The Theoretical Argument Explaining the Emergence of Institutionalized Money and Credit Systems The emergence of institutions of credible commitment remains to be explained, however. North and Weingast’s work does not focus on the origins of such arrangements as much as on their implication in the emergence of an institutionalized financial system as a whole. In their explanation, certain institutions solve the problem of possible government defection from the compact by preventing it from acting unilaterally. Yet the conditions under which a government would accede to such an arrangement are not specified. Indeed, if the situation between the government and asset holders or investors is akin to a prisoners’ dilemma to begin with, such institutional arrangements would seem unlikely to ever emerge. This problem led North in his subsequent work to worry about “third party enforcement in contracting,” particularly “the development of the state as a coercive force able to monitor property rights and enforce contracts effectively”; as noted above, “with a strictly wealthmaximizing behavioral assumption it is hard even to create such a model abstractly.”13 As we shall see, the explanation I offer below does not require the state to be a neutral arbiter, thus circumventing North’s problem. In fact, the question of the state being neutral—at least when it comes to the development of institutionalized money and credit systems—does not even arise in the same way: “neutral” has little analytical meaning in the context of a bargaining situation between rulers and financial capital holders, since the very institutional rules (that the state is supposed to be neutral toward) are not distributionally neutral from a societal perspective. Loosely stated, the consequences of rules, in terms of who gains (or loses), are not the same for everybody. The question, rather, is whether an institutional pact between the state and financial capital holders may be possible. It is still possible, however, to account for such arrangements within a decidedly rationalist framework once, in addition to abandoning the exchange set-up, where parties exchange one good (protection) for another (financial resources), we relax one of the assumptions implicit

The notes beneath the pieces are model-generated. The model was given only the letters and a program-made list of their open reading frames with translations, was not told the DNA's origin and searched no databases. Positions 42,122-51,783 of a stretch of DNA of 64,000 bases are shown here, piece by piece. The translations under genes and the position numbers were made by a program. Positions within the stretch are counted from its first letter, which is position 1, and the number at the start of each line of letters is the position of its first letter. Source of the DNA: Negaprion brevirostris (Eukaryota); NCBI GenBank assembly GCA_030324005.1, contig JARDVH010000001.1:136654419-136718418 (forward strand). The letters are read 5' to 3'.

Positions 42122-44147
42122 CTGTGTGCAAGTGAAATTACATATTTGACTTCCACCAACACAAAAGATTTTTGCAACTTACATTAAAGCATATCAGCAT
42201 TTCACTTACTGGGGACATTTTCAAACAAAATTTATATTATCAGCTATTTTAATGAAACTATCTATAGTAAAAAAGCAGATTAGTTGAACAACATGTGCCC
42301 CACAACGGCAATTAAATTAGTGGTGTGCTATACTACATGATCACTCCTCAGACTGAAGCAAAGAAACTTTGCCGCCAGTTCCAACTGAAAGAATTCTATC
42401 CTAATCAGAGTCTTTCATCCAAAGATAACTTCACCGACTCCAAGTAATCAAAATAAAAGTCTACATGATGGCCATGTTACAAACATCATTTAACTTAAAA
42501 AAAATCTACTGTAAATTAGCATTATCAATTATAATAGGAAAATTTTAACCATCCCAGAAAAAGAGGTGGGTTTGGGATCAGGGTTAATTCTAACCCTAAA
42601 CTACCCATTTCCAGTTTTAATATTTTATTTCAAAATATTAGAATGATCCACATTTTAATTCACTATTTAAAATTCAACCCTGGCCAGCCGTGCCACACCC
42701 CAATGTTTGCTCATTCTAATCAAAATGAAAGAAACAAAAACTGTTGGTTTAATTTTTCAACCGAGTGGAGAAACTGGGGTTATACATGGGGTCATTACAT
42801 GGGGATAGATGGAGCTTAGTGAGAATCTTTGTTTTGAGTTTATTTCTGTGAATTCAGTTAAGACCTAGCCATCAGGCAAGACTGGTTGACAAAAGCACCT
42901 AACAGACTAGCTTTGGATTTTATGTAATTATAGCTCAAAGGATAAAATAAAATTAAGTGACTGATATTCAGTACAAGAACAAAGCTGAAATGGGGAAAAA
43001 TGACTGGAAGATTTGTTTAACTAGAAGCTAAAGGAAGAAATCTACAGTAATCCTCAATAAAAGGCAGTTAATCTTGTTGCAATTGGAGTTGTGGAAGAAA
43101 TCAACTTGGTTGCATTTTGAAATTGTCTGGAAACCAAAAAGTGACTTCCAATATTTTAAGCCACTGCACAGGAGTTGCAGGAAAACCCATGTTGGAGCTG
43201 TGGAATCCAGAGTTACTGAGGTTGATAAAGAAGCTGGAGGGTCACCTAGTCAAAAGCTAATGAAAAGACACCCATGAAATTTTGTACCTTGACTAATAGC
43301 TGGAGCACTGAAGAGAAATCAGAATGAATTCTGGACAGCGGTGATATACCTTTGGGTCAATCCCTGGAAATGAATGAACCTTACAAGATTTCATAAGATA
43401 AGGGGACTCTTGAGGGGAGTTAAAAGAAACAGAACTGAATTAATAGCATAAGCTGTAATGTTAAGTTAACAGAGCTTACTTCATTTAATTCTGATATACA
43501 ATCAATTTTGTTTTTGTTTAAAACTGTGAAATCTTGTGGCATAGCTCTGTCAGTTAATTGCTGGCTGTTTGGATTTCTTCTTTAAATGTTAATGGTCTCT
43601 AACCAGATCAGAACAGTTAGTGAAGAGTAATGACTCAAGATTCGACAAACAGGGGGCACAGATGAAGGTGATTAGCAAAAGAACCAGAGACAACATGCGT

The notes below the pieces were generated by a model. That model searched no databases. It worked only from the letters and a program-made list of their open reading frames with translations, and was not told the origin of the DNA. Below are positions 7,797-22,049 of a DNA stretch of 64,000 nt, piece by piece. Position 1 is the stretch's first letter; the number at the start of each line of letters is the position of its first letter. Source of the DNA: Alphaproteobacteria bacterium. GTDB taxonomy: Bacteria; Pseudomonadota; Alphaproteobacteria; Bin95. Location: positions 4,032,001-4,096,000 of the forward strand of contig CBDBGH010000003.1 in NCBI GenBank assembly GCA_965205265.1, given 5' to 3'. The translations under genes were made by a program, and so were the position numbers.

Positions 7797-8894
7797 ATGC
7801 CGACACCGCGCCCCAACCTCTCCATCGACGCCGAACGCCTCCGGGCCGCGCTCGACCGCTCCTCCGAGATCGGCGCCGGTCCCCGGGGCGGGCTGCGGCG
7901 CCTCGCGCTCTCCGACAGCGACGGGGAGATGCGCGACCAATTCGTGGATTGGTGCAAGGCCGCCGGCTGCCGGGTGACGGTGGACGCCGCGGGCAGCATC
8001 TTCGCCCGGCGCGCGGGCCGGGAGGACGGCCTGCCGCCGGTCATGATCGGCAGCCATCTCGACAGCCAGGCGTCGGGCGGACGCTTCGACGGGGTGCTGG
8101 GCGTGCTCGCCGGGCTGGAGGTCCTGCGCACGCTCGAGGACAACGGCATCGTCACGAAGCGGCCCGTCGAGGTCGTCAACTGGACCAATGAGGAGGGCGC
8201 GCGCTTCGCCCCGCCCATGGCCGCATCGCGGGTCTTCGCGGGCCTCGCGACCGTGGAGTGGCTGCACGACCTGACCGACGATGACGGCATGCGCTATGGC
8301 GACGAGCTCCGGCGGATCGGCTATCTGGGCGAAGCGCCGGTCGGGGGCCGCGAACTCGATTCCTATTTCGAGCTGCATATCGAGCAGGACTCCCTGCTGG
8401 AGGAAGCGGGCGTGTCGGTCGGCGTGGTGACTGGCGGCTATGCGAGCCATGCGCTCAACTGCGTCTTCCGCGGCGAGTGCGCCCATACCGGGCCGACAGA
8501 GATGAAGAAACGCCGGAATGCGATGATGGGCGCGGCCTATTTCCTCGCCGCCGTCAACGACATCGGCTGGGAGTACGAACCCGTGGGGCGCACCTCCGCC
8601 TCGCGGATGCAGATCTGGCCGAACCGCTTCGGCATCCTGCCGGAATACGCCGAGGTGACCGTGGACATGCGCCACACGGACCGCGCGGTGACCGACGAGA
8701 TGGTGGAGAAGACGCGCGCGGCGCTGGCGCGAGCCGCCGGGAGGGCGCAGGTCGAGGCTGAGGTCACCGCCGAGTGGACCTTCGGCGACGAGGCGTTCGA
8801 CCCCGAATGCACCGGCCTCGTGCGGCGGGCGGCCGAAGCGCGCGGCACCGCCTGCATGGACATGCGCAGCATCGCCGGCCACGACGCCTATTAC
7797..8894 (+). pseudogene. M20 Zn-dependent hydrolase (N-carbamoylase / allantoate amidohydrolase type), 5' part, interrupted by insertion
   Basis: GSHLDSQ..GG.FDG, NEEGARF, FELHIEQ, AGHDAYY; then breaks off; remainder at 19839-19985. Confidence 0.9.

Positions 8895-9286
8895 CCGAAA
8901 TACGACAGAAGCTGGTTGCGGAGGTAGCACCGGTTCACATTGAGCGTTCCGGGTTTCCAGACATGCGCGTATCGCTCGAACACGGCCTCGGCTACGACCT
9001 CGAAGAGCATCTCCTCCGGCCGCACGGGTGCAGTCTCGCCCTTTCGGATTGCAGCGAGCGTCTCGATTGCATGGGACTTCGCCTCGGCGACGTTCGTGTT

18  |  CHAPTER 2